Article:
Editor’s note: This is part of a periodic series telling the story behind various sights in Solano County.
SUISUN CITY — They tower 68 feet over Highway 12 at Marina Drive, these three panels informing motorists about Miller Light beer and the local La Cabaña restaurant and Hampton Inn and Suites.
The panels are part of a billboard unlike any other in Solano County. Both the height and triangular shape are singular, resulting in what looks like a giant cookie cutter held up by three poles.
For almost 50 years, this sign in various incarnations has been a kind of Suisun City landmark.
Suisun City Councilwoman Jane Day is glad it’s there, given the difficulties these days in getting such signs built along state highways. She hopes that someday, somehow, the sign can be to used to promote, not commercial undertakings, but Suisun City.
“I think it’s a great thing it’s been grandfathered in,” Day said. “I wouldn’t ask for it to come down. I think I would find some avenue to use it for the city.”
Though she does see one drawback to this strange billboard.
“I wish it was lower, so people would actually pay attention to it,” she said.
The sign went up in the mid-1960s. Its panels originally read “Suisun Pacific,” the name of a big custom-home-and-marina project planned for the city. Those words can still be seen on the back panel that faces away from Highway 12. Only two panels are used for advertising, with the Hampton Inn and Suites and La Cabaña sharing a panel.
Suisun Pacific was to include a marina located at Whispering Bay at the southern end of Marina Boulevard. This marina was to have 400 berths, lagoon-view homes, a gas station, a snack bar, a boat shop and dry storage.
A 1964 advertisement called Suisun Pacific “Northern California’s only complete marina community.” It included a painting of what the developers envisioned: luxury homes along Marina Circle and berths filling Whispering Bay.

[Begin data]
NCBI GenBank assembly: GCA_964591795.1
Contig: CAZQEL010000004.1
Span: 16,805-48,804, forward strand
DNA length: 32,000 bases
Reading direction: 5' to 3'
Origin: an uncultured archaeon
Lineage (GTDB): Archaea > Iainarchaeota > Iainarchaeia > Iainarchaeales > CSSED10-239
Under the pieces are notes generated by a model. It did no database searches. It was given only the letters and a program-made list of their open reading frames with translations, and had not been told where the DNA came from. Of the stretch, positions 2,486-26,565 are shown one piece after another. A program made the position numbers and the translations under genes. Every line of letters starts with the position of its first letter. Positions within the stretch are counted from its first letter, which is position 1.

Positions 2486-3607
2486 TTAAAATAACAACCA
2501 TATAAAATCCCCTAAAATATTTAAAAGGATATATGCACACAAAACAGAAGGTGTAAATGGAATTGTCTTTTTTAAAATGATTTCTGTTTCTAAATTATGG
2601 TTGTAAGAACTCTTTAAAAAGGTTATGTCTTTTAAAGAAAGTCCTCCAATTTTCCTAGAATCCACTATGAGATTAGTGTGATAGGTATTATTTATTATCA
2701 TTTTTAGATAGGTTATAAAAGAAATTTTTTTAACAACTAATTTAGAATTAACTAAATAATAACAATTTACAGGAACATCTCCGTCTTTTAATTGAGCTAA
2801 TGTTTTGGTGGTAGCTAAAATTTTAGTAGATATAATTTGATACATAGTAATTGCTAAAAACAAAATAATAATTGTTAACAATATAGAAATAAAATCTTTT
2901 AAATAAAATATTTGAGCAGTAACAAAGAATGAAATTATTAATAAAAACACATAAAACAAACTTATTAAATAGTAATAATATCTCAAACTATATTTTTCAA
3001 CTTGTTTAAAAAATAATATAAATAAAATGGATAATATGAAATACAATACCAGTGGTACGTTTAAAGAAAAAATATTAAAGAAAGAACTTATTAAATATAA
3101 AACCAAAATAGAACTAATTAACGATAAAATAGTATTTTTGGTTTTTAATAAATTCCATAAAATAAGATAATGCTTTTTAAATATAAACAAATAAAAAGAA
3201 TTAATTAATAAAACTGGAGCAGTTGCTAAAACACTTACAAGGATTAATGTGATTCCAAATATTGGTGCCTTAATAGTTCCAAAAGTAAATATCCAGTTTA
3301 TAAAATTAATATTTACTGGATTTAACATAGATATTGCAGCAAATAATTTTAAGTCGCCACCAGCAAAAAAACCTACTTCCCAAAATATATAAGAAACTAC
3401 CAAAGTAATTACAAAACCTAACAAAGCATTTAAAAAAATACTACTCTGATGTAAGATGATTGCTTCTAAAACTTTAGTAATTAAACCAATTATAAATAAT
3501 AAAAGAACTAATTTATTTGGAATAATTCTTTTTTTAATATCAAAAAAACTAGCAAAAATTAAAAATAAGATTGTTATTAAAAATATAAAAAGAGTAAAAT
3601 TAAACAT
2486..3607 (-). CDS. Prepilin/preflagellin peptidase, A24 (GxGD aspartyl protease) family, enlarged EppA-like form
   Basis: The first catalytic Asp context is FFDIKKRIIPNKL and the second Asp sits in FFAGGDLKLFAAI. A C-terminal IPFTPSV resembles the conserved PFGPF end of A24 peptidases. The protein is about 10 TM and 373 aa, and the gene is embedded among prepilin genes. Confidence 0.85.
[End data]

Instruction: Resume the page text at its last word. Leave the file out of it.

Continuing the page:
On July 8, 1964, the city gave the developers permission to install the sign. Presumably, it went up in subsequent months.
But it wasn’t unique in Northern California. It apparently had a twin in San Jose that had gone up in the 1950s and said “Tropicana” instead of “Suisun Pacific.”
An uncompleted marina opened in October 1964. Festivities included a skiing exhibition and an outdoor boat show. Homes went up.
The Suisun Pacific project petered out in subsequent years and the marina closed. For years, the sign remained on a vacant lot with “Suisun Pacific” emblazoned on its triangular panels. Suisun City officials by the late 1980s said the cost of removing the sign would be prohibitive.
Then-Suisun City Councilman Randall Carlson in 1988 speculated that perhaps the deteriorating landmark could be fixed up to say “Suisun City.”
Instead, it got fixed up in 1995 to pitch beer. Suisun City had fought the private owners in court to stop them from leasing out panels on the old sign for advertising. The city lost.
Even in 1995, Day expressed hope that the sign could be used to promote Suisun City, either as a sign or clock tower.
That remains only a dream. For now, the Suisun City landmark is what may well be Solano County’s tallest billboard.
Reach Barry Eberling at 427-6929 or email@example.com. Follow him on Twitter at www.twitter.com/beberlingdr.